I am aware that a coil has inductive reactance when powered by AC besides the еlectrical resistance which is typically very low.

Considering the fact that reactance is proprotional to the inductance and supply frequency, how is that related to the load of the motor?

Let's assume the following parameters:

  • inductance 0.5 H
  • resistance 5 ohms
  • AC Supply 220V/50Hz

Further calculations show that the impedance is about 162 ohms. According to Ohm's law the current flow would be 220 volts divided by 162 ohms = 1,35 A no-load current. Now I want to understand what exactly changes in the equations above that makes the stator windings draw more current when the rotor is opposed.


2 Answers 2


The concept of back EMF works well to explain the relationship among speed, load torque and current in a DC motor, but it doesn't work as well for an induction motor. The preferred equivalent circuit is shown below.

R1 and X1 are the resistance of the stator and the part of the inductance that does not provide a useful magnetic field. Bm is the inductance that provides the stator magnetic field. Gc is a resistance that represents the losses in the stator's iron core. X2 represents the inductance of the rotor. R2/s is a variable resistance that represents the resistance of the rotor and also, most importantly, the the mechanical load.

At no load, the rotor of an induction motor turns at a synchronous speed, the speed of the motor's rotating magnetic field. The speed in revolutions per minute (RPM) is RPM = 120f/P where f is the power frequency (Hz) and P is the number of magnetic poles formed by the stator winding configuration. R can be any even number (poles are always north/south pairs). Usually P is 2 or 4, but 6 pole motors are not uncommon, higher numbers of poles are less common and usually found only in large motors.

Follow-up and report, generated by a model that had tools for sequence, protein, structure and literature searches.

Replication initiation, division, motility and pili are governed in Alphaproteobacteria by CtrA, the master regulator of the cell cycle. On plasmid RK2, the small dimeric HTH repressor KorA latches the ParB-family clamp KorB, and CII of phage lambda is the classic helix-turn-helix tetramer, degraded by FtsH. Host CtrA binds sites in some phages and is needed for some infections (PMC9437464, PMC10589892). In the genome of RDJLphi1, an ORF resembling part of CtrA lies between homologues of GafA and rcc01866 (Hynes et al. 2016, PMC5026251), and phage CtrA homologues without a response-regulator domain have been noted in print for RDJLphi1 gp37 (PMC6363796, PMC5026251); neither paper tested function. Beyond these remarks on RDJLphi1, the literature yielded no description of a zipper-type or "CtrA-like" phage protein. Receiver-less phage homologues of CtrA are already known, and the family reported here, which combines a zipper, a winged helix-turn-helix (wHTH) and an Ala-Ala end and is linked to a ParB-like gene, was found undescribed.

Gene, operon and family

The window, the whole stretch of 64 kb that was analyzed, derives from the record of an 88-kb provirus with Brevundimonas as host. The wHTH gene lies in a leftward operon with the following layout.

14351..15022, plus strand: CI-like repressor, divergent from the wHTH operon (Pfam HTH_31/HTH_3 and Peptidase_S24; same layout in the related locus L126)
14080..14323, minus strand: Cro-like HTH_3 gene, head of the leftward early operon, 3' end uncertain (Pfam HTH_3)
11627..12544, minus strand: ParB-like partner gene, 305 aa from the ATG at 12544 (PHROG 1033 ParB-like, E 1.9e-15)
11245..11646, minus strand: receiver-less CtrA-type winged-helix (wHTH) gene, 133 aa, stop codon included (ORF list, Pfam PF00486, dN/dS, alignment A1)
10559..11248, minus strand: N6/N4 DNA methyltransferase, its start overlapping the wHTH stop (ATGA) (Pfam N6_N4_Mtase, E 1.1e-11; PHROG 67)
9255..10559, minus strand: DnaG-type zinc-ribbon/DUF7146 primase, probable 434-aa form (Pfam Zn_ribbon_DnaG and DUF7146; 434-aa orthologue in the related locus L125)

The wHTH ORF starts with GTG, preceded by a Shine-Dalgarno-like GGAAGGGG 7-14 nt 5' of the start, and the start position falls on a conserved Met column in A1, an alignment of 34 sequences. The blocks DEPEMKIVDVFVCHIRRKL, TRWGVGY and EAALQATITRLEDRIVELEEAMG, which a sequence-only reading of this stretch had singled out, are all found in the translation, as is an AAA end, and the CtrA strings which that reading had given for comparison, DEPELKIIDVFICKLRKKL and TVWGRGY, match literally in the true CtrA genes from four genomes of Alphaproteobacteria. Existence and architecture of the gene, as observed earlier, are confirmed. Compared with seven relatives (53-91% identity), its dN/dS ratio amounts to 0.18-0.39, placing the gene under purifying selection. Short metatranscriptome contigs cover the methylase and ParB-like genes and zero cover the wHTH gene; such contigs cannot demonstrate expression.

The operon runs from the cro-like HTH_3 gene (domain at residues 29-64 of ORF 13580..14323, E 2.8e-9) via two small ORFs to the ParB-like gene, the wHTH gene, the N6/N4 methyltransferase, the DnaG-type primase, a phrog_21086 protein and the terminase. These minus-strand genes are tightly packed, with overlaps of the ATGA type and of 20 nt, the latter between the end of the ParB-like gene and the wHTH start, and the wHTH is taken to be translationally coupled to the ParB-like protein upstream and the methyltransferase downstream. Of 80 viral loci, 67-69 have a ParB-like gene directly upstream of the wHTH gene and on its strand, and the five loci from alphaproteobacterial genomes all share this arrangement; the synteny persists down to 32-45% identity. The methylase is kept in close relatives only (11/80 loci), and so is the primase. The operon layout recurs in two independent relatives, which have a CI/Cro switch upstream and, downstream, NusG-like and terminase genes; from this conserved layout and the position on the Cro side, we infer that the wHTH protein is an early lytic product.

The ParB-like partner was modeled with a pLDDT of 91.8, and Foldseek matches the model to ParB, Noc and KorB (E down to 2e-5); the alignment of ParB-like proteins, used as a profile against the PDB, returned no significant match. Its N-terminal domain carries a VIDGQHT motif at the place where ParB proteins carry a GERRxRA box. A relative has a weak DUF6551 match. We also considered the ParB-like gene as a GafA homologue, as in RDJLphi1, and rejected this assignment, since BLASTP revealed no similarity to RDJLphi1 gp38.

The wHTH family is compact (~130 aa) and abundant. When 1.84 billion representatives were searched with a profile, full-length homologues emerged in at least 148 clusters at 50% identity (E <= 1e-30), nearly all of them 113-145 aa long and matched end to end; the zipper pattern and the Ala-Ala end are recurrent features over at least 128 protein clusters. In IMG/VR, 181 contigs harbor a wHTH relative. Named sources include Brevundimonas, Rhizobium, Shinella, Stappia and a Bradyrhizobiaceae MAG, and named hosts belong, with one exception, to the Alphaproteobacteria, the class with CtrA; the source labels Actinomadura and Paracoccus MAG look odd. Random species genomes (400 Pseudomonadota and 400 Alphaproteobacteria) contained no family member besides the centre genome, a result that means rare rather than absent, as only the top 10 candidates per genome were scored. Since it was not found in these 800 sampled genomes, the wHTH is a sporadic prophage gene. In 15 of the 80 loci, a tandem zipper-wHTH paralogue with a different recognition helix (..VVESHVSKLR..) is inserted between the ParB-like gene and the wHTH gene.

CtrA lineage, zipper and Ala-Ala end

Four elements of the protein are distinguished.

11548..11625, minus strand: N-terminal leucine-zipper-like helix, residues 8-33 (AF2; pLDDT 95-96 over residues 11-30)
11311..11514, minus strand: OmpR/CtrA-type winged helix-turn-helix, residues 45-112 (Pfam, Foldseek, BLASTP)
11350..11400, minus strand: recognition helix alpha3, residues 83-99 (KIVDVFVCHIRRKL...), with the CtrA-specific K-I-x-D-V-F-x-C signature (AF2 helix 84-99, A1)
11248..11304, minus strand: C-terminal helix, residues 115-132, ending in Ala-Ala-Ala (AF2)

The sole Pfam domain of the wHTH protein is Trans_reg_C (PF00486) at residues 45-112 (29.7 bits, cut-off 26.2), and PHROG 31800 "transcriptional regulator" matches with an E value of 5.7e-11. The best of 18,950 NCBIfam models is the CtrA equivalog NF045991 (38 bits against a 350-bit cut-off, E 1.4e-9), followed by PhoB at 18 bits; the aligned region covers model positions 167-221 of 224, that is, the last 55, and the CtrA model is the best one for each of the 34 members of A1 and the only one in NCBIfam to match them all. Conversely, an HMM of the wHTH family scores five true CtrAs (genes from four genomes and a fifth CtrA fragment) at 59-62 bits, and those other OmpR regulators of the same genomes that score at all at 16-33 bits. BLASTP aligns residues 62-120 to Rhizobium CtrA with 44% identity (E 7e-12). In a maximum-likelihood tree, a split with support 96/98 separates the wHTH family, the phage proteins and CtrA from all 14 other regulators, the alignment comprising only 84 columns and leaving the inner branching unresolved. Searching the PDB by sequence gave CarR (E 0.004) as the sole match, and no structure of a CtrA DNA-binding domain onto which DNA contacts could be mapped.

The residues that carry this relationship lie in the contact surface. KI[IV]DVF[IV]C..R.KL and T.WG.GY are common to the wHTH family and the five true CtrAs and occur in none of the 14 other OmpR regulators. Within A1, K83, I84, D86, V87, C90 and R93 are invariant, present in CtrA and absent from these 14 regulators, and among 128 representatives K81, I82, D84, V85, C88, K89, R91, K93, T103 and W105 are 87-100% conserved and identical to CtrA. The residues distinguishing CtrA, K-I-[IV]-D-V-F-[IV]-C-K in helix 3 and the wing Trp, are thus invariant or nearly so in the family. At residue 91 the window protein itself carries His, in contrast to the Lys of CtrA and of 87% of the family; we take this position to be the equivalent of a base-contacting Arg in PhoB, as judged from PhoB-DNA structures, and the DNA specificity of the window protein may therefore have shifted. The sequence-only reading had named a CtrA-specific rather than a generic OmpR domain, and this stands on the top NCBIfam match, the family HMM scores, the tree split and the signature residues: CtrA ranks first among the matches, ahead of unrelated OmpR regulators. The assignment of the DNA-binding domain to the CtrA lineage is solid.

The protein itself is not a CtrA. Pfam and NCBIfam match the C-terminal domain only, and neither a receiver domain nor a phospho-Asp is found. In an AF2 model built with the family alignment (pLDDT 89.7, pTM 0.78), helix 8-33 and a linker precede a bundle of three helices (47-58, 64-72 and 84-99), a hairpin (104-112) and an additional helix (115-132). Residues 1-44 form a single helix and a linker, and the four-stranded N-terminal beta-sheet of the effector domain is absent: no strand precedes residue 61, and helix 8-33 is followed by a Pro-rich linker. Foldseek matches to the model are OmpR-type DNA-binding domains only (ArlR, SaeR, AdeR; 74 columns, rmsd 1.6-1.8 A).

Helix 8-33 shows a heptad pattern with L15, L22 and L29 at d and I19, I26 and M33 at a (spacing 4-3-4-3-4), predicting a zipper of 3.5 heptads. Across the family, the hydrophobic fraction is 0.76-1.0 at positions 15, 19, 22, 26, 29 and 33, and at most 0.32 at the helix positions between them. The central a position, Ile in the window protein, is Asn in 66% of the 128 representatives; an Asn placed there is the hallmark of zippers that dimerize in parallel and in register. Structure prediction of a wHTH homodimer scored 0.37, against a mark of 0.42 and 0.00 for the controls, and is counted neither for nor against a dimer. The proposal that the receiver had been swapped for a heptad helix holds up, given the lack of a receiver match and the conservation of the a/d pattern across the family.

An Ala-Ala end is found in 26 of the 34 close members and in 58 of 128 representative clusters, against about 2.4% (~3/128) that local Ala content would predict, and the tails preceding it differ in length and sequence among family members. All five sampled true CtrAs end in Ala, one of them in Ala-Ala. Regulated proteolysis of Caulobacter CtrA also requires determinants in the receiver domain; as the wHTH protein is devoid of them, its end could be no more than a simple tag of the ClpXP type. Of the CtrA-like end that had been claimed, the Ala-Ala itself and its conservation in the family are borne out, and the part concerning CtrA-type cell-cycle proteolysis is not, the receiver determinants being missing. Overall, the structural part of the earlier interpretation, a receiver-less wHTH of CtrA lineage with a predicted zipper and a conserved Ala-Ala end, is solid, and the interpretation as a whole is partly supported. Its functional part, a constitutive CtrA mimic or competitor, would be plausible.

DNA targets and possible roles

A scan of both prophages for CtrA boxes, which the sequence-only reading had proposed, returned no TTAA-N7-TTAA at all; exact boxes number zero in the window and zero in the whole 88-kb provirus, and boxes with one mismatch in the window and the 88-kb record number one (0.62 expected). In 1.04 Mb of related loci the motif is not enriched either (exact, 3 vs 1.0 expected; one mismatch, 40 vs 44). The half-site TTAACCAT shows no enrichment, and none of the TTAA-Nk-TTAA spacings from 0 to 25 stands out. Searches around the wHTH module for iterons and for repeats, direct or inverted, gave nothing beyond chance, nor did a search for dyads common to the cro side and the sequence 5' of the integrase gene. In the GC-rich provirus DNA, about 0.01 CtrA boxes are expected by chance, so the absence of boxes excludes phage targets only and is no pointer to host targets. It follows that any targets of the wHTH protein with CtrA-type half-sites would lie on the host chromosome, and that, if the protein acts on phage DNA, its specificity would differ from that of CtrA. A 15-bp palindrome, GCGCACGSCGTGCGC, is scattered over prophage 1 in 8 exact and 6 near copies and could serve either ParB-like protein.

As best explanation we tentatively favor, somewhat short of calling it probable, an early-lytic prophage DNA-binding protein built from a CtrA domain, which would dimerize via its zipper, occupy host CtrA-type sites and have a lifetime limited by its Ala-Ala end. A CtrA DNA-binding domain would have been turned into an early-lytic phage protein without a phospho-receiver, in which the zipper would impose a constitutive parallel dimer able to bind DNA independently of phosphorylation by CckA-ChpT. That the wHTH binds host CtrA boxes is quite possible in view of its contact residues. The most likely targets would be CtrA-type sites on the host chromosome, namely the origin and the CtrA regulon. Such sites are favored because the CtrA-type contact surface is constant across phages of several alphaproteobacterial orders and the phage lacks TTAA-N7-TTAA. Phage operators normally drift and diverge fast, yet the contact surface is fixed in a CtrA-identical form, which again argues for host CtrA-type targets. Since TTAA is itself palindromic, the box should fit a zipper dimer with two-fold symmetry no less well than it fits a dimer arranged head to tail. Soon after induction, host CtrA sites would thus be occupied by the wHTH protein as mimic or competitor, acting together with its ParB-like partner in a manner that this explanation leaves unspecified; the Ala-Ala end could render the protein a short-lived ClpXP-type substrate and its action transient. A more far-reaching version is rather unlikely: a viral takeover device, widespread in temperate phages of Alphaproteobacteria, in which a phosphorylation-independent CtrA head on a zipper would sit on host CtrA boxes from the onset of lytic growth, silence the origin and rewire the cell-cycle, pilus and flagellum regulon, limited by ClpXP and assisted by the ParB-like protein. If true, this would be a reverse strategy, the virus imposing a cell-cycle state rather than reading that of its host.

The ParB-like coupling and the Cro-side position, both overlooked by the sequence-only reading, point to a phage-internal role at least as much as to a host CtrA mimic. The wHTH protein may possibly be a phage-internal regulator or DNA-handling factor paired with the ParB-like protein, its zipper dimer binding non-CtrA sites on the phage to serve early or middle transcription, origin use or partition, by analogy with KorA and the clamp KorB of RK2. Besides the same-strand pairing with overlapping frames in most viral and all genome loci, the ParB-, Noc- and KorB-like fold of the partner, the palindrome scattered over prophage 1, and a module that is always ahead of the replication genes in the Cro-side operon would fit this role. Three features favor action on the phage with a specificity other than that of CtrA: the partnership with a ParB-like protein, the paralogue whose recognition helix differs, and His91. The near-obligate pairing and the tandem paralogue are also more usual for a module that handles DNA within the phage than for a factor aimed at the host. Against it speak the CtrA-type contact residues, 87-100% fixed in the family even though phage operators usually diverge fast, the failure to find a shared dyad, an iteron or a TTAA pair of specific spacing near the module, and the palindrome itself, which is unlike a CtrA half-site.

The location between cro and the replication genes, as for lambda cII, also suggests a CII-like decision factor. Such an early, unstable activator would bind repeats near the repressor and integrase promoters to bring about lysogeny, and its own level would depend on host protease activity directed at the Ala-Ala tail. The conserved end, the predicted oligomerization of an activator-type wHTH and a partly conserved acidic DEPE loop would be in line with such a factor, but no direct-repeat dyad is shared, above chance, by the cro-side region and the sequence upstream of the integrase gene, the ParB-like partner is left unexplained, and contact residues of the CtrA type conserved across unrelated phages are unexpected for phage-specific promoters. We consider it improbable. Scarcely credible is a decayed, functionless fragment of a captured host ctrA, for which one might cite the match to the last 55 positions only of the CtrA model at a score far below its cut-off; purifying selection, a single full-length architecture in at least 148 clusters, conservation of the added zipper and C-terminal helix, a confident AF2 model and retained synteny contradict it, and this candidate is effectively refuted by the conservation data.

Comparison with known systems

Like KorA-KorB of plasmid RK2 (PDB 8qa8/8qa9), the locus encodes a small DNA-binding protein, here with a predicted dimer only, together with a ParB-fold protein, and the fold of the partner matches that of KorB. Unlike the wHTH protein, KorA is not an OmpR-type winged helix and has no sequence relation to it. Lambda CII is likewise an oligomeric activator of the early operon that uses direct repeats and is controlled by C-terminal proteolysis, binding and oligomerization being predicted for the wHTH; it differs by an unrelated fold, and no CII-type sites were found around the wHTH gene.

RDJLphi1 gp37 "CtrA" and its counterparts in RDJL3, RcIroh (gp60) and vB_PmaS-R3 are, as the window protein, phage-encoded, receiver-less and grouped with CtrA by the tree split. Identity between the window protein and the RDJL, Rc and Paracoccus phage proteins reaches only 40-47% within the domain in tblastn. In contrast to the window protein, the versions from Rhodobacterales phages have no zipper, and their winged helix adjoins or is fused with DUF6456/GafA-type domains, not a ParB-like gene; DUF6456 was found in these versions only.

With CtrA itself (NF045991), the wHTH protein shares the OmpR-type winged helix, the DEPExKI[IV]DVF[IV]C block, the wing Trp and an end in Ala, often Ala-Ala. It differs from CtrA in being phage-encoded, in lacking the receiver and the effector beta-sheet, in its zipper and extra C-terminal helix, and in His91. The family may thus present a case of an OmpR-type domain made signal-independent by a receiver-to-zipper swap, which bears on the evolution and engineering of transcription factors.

When the motor is loaded, the operating speed decreases. The difference between the loaded speed and the synchronous speed is called slip (s). Slip is expressed as a fraction of synchronous speed. At rated load, the slip is generally 2 or 3 percent of the synchronous speed and s = 0.02 or 0.03.

When the slip is zero, R2/s in the diagram is R2/0 or infinite. Therefore, at no load, the current in the motor is determined by R1 and X1 in series with the magnetizing circuit, Gc and Xm. As the motor is loaded, the slip increases and R2/s decreases causing the motor to draw more current.

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The diagram represents one phase of a three-phase induction motor. Two similar diagrams are used to represent a single-phase motor.

  • \$\begingroup\$ I understand looking at the equivalent circuit simplifies our lives a lot and is accurate. But is the following line of reasoning correct? As load increases, 1. Slip increases, 2. Relative speed increases, 3. Induced E2 and I2 magnitude increases, 4. Opposing Rotor flux increases, decreasing the net mutual flux, 5. To compensate this drop in MMF, the stator draws an equivalent current that produces an equivalent mmf like a transformer. Thus resulting in a net increase in current drawn from stator \$\endgroup\$ Oct 22, 2021 at 5:29

Take a look at this: https://electronics.stackexchange.com/a/364242/58084

If you decrease the speed of the motor, the back-emf will decrease also, increasing the voltage across the motor resistance and reactance, and increasing the current.


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